Developing or re-engineering your business should be about the design and creation of a great business model and business systems – not about micromanaging.
Spend time developing systems and performance standards early on so that you can lead later on. Design an entire business template. Define and organize the work to “be done” rather than micromanaging the employees.
The more you systematize your business, the less everyone will rely on you for day-to-day questions and problem-solving. The more you eliminate those nagging “got-a-minute” interruptions from your employees, the more productive you will be. Also, the system you develop takes your place so that you can step out of the trenches and function as a true CEO. Replace yourself with the system!
Your goal is to plan and design the system and then let your employees work the system. Develop the recipe and then let the employees do the cooking! Get out of the hot kitchen. Educate employees on their roles and function and according to the system, and let them work. Once defined and documented, processes, policies, and practices should be the detailed guide.
Use your resources! A coach, or sometimes employees, can have you identify and document the processes, procedures, and policies necessary to achieve more effective, and streamlined operations. You need to get frank feedback at this stage to ensure that you have an effective business model laid out first before you start documenting your business system. A great place to start is with customers’ perceived needs. And then work backward, re-designing your business so that it consistently and predictably fulfills the promises made to a customer during the selling process.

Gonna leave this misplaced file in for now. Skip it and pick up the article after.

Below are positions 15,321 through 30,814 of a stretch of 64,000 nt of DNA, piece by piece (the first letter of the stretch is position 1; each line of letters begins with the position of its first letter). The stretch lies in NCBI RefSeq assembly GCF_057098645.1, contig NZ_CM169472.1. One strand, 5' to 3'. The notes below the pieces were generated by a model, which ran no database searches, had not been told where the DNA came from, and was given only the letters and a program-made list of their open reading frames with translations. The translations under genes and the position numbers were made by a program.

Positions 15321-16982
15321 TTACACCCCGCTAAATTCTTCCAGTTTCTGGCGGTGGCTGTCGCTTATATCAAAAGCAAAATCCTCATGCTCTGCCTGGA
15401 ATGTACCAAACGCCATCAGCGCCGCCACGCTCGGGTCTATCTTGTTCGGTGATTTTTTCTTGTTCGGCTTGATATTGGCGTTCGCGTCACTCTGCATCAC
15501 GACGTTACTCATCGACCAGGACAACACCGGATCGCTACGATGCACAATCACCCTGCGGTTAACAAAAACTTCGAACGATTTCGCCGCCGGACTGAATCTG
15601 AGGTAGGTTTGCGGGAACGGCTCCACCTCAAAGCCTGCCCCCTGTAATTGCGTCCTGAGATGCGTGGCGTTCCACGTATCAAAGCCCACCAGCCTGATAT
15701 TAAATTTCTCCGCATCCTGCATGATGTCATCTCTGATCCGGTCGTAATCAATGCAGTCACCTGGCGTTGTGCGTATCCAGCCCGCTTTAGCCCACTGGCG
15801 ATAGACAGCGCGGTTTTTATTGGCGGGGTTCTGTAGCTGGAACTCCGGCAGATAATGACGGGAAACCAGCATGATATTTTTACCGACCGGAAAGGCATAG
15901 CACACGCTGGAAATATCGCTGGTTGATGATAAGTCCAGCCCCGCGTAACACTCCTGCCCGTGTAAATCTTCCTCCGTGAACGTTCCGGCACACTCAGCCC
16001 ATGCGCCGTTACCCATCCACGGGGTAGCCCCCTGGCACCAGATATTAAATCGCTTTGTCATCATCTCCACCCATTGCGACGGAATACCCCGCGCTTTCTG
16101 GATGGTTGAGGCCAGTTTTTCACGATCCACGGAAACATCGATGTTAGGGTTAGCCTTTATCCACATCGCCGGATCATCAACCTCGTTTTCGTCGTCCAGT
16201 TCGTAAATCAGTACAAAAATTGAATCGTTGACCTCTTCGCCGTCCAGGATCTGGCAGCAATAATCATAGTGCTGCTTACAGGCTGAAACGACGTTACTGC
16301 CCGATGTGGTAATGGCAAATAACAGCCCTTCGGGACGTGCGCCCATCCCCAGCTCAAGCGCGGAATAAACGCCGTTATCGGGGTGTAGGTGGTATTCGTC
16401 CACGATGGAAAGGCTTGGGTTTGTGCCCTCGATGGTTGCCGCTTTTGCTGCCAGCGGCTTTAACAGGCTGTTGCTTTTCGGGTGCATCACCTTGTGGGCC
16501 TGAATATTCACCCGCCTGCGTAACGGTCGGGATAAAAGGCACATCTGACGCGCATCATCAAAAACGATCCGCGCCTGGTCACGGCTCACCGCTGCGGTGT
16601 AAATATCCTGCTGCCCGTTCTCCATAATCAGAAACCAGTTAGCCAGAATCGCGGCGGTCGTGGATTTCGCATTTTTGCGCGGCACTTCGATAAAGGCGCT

Next, be sure all your back-office processes (accounting, finance, HR, technology, administration, etc.) are in alignment to effectively support the operations of the company. Design or repair any processes that are missing or faulty. Routine work should be systematized and only exceptions should be dealt with on an ad-hoc or improvised basis. A system should eliminate arbitrary work and discretion. Develop employee discipline to follow the system, but also allow the freedom and authority to handle the exceptions that do not fit neatly into the system. Over time, most potential problems and crises will be properly anticipated and converted into routine processes, which will reduce “fire drills.”
Once your system is fully in place, and your employees are running it, you need to let go and trust. Trust the system and your team. Step away from the day-to-day workflow. With this approach, twelve-hour days no longer need to be the norm. Once you allow the integrated system to run, the system itself and your employees will do the necessary work to fulfill promises made to your customers. You will not have to work as hard or as long. With effective systems, ordinary employees can achieve extraordinary results. The system is your solution to more freedom, fulfillment, and profits. Again: plan and develop the system and let others operate the system.